|Tony Horwitz: His blog details the “voyage long and strange” that is a book tour.
Photo from voyagelongandstrange.com
I hit a low point on my first tour for The House of Mondavi on one of those days that come so seldom to Chicago. It was last June and the weather felt balmy, with the last burst of spring blooms still on display. Who would want to sit indoors on an afternoon like that?
Few did. At a bookstore known for its well-attended author events, only three people showed up (excluding my very patient Aunt Gene and Uncle Jack, who had sat through my book talk several times already.) I’d brought two bottles of wine – one from the Robert Mondavi winery and the other, a Charles Krug, from the Peter Mondavi side.
That was my mistake: the warm weather, combined with the alcohol, literally lulled a third of my non-family audience to sleep. The book lover who come to my talk that day had her head thrown back, producing a soft, ladylike snore.
Now I’m heading into another tour, this time for the paperback edition of my book, and I’m feeling a bit anxious. By nature, I’m an extrovert who feels comfortable talking with just about anyone. But staring out at rows of empty seats is humbling.
I feel less alone, now, since I’ve begun reading Tony Horwitz’s great blog about the tour for his latest book, A Voyage Long and Strange. I’ve been a fan of Horwitz’s for a long time, following his reporting from the Middle East for the Wall Street Journal.
Tony then became the author of such wonderful books as Baghdad Without a Map (with his wife and fellow Pulitzer Prize-winner, Geraldine Brooks), Confederates in the Attic and Blue Latitudes. I read his first three books and plan to read his new one this summer.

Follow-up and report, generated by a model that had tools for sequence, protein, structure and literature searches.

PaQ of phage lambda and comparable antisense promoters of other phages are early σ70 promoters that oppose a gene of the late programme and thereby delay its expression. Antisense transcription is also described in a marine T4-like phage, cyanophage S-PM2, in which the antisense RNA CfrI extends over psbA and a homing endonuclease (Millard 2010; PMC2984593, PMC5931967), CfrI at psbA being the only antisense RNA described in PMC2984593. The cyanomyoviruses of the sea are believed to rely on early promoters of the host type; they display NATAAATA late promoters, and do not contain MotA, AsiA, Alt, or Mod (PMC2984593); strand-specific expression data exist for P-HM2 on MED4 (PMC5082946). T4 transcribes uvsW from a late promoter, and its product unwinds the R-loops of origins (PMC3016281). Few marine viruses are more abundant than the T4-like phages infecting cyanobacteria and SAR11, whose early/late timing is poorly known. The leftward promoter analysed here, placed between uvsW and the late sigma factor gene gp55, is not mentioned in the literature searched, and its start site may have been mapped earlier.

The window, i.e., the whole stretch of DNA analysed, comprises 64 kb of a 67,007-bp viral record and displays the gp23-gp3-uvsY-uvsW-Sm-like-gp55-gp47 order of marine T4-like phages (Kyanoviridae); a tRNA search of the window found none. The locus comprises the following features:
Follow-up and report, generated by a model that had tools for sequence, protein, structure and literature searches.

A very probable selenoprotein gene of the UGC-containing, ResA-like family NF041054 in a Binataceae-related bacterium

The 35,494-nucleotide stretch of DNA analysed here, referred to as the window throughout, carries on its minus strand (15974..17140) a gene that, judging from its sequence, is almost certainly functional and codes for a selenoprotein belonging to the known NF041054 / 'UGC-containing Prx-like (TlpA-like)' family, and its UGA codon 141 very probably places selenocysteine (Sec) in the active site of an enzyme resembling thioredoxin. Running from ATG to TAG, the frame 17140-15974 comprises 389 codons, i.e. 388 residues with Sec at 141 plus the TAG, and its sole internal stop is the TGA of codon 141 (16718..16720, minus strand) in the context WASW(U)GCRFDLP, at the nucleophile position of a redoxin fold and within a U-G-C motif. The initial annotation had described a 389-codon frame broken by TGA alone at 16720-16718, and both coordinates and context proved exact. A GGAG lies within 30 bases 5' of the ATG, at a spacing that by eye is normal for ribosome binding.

His first posting is about the first stop on his tour, which was New York. He writes:
“’Book tour’ is one of those deceptive phrases that sound fun and sexy, like a rock tour with klieg lights, groupies, roadies, mosh pits, backstage parties. The reality is more like the life of a Fuller Brush Man or encyclopedia salesman…”
In another posting, he admits that over the next five weeks, during his tour, he’ll talk more to his publicity manager, Emily, than his wife. “A big job for a girl with braces and pigtails …When things go wrong, which they inevitably do, Emily will also be my therapist.”
In a post titled “Evil Thoughts,” Tony recalls the experience of WSJ alum, Ken Wells, when he was on a book tour in 2001.
“My mate Ken Wells first learned of the 9/11 attacks when his plane pulled into Atlanta that morning and suddenly every cell phone in the cabin starting ringing … [He] arrived for the first stop of his book tour, which was instantly canceled. Small beans of course in the catalogue of that day’s catastrophes but the world narrows to an unseemly focus on a single question: What will this mean for my book? It’s a bit like the joke at the market-obsessed Wall Street Journal where Ken and I use to work: in the event of a planetary catastrophe, the paper’s final headline would read, WORLD ENDS, SOYBEAN FUTURES PLUMMET.”
In his latest post, Tony writes about his Mom, his biggest fan. He’s staying with her on the Washington, D.C. stop of his tour. “Mothers, of course, are also expert at mortifying their children, even when ‘the Kid’ (as I’m still called at home) is pushing 50. At the moment my parents’ house looks like Cooperstown, with copies of my book and posters advertising my talks on every available surface,” he writes.
My WSJ colleague Jim Carlton, the author of Apple: The Intrigue, Egomania and Business Blunders That Toppled an American Icon, had a discouraging moment similar to my own. An important stop on his tour was at a gigantic Barnes and Noble bookstore near the headquarters of Apple’s chief rival Compaq Computer Corp. There were perhaps two dozen seats set up, and one of the store’s managers announced his talk over the loudspeaker. “Literally, two people showed up and one of them was homeless,” Jim told me.
I can identify much more with Jim’s experience than with that of the British conservative politician-turned-novelist Jeffrey Archer. The British tabloid The Sun reported in early April that Archer, “currently holed up in Hong Kong’s five-star Landmark hotel on his book tour for A Prisoner of Birth, is not a happy bunny. ‘My room has among the most inconvenient bathrooms I’ve ever experienced,’ he complains on his blog.” Read his entry to learn why.
Leave a Reply